Going back to school is something that Young potentially sees in his own future. “As the times and economy changes I have to change with them.
Cleveland Young has one of those jobs important and valuable jobs the public rarely hears about. Yet, without him performing his duties well — as he and 11 other public employees do on a regular basis at MetroHealth Hospital — patient care would suffer. While his official title is a Customer Support Partner/Transporter, around the hospital he and the 11 others are simply known as “transporters,” and their job is to make sure patients get to their appointments around the vast and sprawling hospital.
“Many of the tests, procedures and services a patient might need while they’re here with us are not performed in their rooms, and even those patients who are ambulatory would have a real problem finding their way around a hospital as big as this one. So that’s where me and my co-workers come in,” said Young, “we get them where they need to go — for instance to their appointment at the Eye Clinic or one of the other clinics — in a safe and timely manner. They depend on us.”
Like the other 1,800 MetroHealth employees represented by collective bargaining, he enjoys serving the public and is dismayed by the efforts of conservatives to “fix” a system that isn’t broken. He, along with his co-workers, has come out strongly in support of voting “NO” on Issue 2 and is spreading the word to family and friends.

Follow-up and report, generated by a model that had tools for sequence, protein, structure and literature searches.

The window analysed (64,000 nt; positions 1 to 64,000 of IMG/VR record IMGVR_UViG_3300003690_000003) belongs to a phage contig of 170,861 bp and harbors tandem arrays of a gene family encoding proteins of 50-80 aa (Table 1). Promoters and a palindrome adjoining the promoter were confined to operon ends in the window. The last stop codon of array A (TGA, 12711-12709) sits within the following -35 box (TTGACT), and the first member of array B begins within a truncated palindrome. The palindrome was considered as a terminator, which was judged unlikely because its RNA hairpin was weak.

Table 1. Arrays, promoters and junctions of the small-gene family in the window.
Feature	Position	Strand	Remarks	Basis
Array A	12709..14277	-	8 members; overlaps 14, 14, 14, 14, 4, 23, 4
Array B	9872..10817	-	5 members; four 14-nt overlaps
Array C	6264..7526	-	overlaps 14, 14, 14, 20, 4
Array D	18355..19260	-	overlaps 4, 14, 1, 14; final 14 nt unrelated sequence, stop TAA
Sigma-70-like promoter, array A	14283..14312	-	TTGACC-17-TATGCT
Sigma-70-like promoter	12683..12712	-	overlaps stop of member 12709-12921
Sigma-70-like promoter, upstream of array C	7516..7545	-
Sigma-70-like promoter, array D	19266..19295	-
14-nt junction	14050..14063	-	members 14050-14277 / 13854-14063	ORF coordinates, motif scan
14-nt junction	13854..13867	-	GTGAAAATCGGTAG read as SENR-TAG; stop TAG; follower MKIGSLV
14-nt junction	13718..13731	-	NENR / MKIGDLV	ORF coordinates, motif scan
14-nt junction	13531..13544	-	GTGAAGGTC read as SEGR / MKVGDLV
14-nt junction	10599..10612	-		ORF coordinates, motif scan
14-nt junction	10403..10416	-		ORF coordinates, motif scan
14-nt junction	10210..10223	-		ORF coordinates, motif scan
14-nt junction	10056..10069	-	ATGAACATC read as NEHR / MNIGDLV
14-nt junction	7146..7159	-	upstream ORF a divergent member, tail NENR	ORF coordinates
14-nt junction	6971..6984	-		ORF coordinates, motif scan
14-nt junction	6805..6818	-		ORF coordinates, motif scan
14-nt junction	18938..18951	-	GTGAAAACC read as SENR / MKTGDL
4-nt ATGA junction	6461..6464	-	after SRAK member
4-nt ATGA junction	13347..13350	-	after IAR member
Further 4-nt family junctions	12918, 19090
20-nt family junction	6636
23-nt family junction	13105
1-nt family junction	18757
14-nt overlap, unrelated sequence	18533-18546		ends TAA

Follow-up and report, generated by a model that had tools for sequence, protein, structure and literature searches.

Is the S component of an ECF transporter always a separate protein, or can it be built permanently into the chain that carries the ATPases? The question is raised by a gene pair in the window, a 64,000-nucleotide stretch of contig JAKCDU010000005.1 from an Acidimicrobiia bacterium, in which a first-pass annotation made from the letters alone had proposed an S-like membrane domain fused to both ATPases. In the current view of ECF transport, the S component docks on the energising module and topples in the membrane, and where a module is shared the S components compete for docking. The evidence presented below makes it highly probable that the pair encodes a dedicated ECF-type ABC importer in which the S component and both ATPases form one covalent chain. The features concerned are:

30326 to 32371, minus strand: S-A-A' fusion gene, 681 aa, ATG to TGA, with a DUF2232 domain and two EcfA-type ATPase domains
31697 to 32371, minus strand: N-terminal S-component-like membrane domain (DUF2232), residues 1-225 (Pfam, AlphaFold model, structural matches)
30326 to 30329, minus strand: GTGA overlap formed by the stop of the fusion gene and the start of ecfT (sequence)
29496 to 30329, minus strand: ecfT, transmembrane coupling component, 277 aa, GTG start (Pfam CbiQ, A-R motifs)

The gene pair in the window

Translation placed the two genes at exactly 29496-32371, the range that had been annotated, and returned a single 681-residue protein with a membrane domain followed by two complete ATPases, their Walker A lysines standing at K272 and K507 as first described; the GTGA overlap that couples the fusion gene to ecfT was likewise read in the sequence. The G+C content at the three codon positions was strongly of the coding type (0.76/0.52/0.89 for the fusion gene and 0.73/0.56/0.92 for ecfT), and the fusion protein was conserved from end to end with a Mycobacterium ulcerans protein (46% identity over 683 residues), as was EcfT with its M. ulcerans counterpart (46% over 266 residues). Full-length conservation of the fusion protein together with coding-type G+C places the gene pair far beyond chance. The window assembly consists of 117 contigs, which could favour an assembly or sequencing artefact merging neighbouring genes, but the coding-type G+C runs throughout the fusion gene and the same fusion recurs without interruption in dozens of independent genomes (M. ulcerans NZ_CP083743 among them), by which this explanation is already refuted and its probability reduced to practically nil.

The Greater Cleveland native held a variety of odd jobs after graduating from Cleveland Heights High School in 1988, and worked for a spell in the laundry department of another area hospital before moving on to work at a day care center, the job he held immediately before coming to work at MetroHealth Hospital. However, Young says that none of those jobs afforded him the security and stability his current position provides. “Due to the steady, full-time employment with decent benefits I’ve been able to put my son in Catholic schools, buy a house, car and live a middleclass life.”
Young says that he’s always worked second shift so that someone is home to get his son, now age 17, off to school properly. “He’s a good student who wants to study sports medicine when he goes to college. Our family is big on education … my wife is a full-time student. She’s about to graduate next month with her bachelor’s degree, and she’s going to stay in school to get her master’s, and then go on to law school. She’s always worked or attended school during the day so my working second shift works out fine for our family.”
Going back to school is something that Young potentially sees in his own future. “As the times and economy changes I have to change with them. I’ve always been interested in interior design, and since my son soon will be going off to college it might be a good time for me to take four years and pursue a design degree.” Being a public employee has been a good work experience for the Young family, as it has been for hundreds of thousands of others in Ohio.